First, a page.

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    Why was God angry? – Pinchas

    July 5th, 2020

    The sidra says that Pinchas turned God’s anger away (Num. 26:11).

    Why was God angry? The obvious reason is that the people of Israel were caught up in a difficult situation and might succumb to moral temptation. By stepping into the fray Pinchas he showed his zeal for the Almighty.

    Rashi, however, offers an alternative point of view. He says that God was livid with the tribes of Israel who had spread rumours about Pinchas and criticised his genealogy, casting doubt on his lineage and saying that his grandfather had been an idol-worshipper.

    Why did Rashi get involved in genealogy and ascribe the criticisms to the tribes in general and not to the tribe of Shimon whose prince, Zimri, had been killed by Pinchas? Zimri certainly deserved to be punished for openly consorting with Kozbi, a Midianite woman, in the Israelite camp.

    The Lubavitcher Rebbe thinks the tribes were only trying to uphold the honour of Moses and Aaron and their attack on Pinchas was motivated by suspicion that there were inherited flaws in his character which led him to act rashly.

    God would have preferred Pinchas to remember that he was a kohen and should not need special Divine help.

    A mouth of brass – Pinchas

    July 5th, 2020

    Only five of the fifty-four sidrot are named after people, beginning with No’ach in the book of Genesis.

    This current sidra is named after Pinchas, and we can use this as a convenient moment to speak about protesting. Indeed, one of the interpretations of the name Pinchas is “mouth of brass”, suggesting that he is the forebear of those who mount protests.

    The Jewish doctrine of protest can be summarised in these ten commandments:
    1. Don’t remain silent. Even if you are not heard you have to give voice to your conscience.
    2. Instead of ranting, use “a disciplined tongue” (Isaiah 50:4).
    3. Rebuke out of love. The Torah says, “Do not hate your brother in your heart” (Lev. 19:17).
    4. Don’t tell people what to think: give them the facts and let them draw their own conclusions.
    5. Avoid overkill, in words and actions.
    6. Avoid violence: don’t hit people or destroy property, but persuade.
    7. Stick to the real agenda – don’t wrap up the issue in extraneous considerations.
    8. Don’t give up in the middle.
    9. Don’t make your own side the enemy.
    10. Don’t play God.

    The rival emotions

    July 5th, 2020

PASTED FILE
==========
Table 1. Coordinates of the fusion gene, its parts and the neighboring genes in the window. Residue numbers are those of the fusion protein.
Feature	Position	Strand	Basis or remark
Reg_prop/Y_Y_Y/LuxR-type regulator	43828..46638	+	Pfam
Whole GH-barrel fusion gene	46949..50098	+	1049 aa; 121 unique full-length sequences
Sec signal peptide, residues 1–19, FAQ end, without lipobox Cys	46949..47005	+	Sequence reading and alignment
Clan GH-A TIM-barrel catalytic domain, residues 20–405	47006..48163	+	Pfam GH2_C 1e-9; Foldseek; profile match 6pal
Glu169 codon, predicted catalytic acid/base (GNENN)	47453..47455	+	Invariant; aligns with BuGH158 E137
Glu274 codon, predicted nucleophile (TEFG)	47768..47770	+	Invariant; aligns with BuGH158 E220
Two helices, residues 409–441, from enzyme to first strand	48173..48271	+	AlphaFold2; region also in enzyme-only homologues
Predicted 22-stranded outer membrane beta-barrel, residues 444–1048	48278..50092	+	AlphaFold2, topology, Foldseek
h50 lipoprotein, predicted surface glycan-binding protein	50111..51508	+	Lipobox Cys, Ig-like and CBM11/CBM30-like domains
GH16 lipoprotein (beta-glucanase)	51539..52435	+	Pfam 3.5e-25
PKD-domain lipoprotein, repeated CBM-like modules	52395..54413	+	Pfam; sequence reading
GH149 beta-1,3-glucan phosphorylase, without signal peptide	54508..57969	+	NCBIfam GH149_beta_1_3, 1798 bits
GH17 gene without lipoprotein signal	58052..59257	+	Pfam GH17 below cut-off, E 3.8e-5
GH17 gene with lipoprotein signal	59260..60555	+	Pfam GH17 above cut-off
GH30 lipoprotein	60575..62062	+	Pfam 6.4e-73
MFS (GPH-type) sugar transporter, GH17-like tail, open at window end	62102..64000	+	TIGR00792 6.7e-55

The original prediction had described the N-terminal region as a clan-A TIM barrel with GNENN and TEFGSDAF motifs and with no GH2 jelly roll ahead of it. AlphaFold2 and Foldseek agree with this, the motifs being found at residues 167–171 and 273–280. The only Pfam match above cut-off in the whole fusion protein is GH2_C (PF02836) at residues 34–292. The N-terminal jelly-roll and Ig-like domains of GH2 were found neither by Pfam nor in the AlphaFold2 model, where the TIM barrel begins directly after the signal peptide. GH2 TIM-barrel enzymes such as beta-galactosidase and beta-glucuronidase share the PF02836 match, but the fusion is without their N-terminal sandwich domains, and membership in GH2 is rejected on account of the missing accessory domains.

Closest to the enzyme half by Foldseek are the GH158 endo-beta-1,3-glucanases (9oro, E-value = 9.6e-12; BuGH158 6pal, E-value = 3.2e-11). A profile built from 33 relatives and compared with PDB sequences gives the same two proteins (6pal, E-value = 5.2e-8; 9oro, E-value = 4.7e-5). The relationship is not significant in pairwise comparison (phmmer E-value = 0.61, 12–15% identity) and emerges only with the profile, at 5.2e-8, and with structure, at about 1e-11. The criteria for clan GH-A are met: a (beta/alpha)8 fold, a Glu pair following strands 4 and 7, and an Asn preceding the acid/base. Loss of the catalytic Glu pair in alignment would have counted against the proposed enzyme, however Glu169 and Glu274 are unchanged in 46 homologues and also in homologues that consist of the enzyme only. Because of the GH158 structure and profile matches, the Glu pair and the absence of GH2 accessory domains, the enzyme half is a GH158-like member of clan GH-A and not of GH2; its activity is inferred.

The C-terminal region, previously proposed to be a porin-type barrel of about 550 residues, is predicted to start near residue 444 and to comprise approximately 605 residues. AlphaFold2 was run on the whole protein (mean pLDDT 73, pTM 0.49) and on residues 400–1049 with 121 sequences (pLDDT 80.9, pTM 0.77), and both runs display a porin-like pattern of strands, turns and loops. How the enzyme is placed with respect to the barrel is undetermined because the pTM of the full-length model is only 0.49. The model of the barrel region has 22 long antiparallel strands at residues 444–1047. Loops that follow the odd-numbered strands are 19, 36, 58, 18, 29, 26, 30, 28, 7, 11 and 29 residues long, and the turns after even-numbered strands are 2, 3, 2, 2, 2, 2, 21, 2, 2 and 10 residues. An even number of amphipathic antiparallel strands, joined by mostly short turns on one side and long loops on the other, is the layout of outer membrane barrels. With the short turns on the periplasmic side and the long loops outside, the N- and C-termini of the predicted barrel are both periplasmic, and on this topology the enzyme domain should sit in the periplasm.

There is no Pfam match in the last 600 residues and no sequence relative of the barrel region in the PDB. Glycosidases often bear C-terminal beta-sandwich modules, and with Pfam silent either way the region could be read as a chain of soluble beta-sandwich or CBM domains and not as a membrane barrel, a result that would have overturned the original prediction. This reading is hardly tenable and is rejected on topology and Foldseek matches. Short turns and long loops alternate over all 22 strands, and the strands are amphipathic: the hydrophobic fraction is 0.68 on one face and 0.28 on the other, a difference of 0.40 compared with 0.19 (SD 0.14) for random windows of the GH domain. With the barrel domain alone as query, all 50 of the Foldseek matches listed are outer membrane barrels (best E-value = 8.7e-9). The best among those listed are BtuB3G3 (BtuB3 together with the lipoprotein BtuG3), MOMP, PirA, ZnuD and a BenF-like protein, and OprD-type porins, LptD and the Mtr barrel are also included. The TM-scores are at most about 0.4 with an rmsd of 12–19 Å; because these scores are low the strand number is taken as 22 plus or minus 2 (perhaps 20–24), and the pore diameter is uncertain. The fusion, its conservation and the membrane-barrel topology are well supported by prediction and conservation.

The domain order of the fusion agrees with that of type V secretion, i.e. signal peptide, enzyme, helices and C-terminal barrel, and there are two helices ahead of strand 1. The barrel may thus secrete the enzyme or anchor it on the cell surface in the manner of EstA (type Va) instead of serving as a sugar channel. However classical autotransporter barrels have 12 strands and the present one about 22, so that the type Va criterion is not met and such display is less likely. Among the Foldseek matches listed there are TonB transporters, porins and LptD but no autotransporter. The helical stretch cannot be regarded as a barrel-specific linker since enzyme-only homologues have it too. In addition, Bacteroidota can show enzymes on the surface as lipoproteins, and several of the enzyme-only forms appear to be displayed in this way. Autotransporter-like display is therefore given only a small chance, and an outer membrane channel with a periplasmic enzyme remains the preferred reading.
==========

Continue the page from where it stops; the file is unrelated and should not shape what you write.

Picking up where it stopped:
The Jewish calendar has two groups of dates that battle with one another for the soul of the Jew.

    On the one hand there are the festivals, days of joy and happiness: on the other the fast days, which remind us of gloom and tragedy.

    Amongst the fasts are four which mark the destruction of the Temple and seem to create a cycle of sadness. Chief amongst these four fasts is Tishah B’Av, but the fast of 17 Tammuz, three weeks earlier, is a prominent date in the cycle.

    The rivalry between the feasts and the fasts is symbolised by two emotions – the lachrymose (the tearful) and the love and laughing.

    The way Jewish history has played out we see a trail of tragedy and fear that more is to come; we see a series of simchas and hope there will be many more of them.

    The Jewish spirit has, Baruch HaShem, made its choice, and we are an optimistic people who prefer dreams to nightmares.

    Balak & his friend Bilam – Balak

    June 28th, 2020

    Depiction of Balak and Balaam

    Midrashic literature has much to say (mostly negative) about Balak the king of Moab.

    Balak was not the son of a king but gained the throne in a coup. This had been prophesied by Bilam whom Balak offered to reward with money and status because he knew that Bilam – though a prophet – was a greedy materialist.

    Balak himself was not such a nice character. According to the sages, he was the kind of person who promises much but does little. The opposite is found in the righteous such as Abraham, who promise less but do more.

    Balak gained his people’s support because they expected great things from him but became thoroughly disillusioned.

    Balak was so hostile to Israel that he gave his own daughter as a seductive trap to entangle some of the Israelite people.

    Echoing Mah Tovu – Balak

    June 28th, 2020

    Synagogue procedure expands Bilam’s Mah Tovu with extra verses in praise of the Jewish place of worship.

    The verses include one that says, “I love the habitation of Your House, the place where Your glory dwells” (Psalm 26:8).

    What inspires this sentiment – the architecture, the singing, the words, the congregants?

    All are part of the answer, but the chief feature is not so much the ambience as the content of the worship service.

    In my early days in the pulpit I was close to a synagogue warden from the Continent who had settled in London and developed an admiration for the plaques affixed to countless buildings to record which famous person used to live there.

    He told me that he thought our synagogue ought to have a plaque that read, “This is the dwelling place of God”.

    I realised how moved he was by the probably indefinable air of that synagogue, but I also realised that more or less every synagogue could be described that way, and that more important than calling a synagogue a House of God was to make every part of the world a Divine dwelling place.

    Hence whenever I echo the Mah Tovu verses I apply the praise of the place of worship to every nook and cranny of Creation.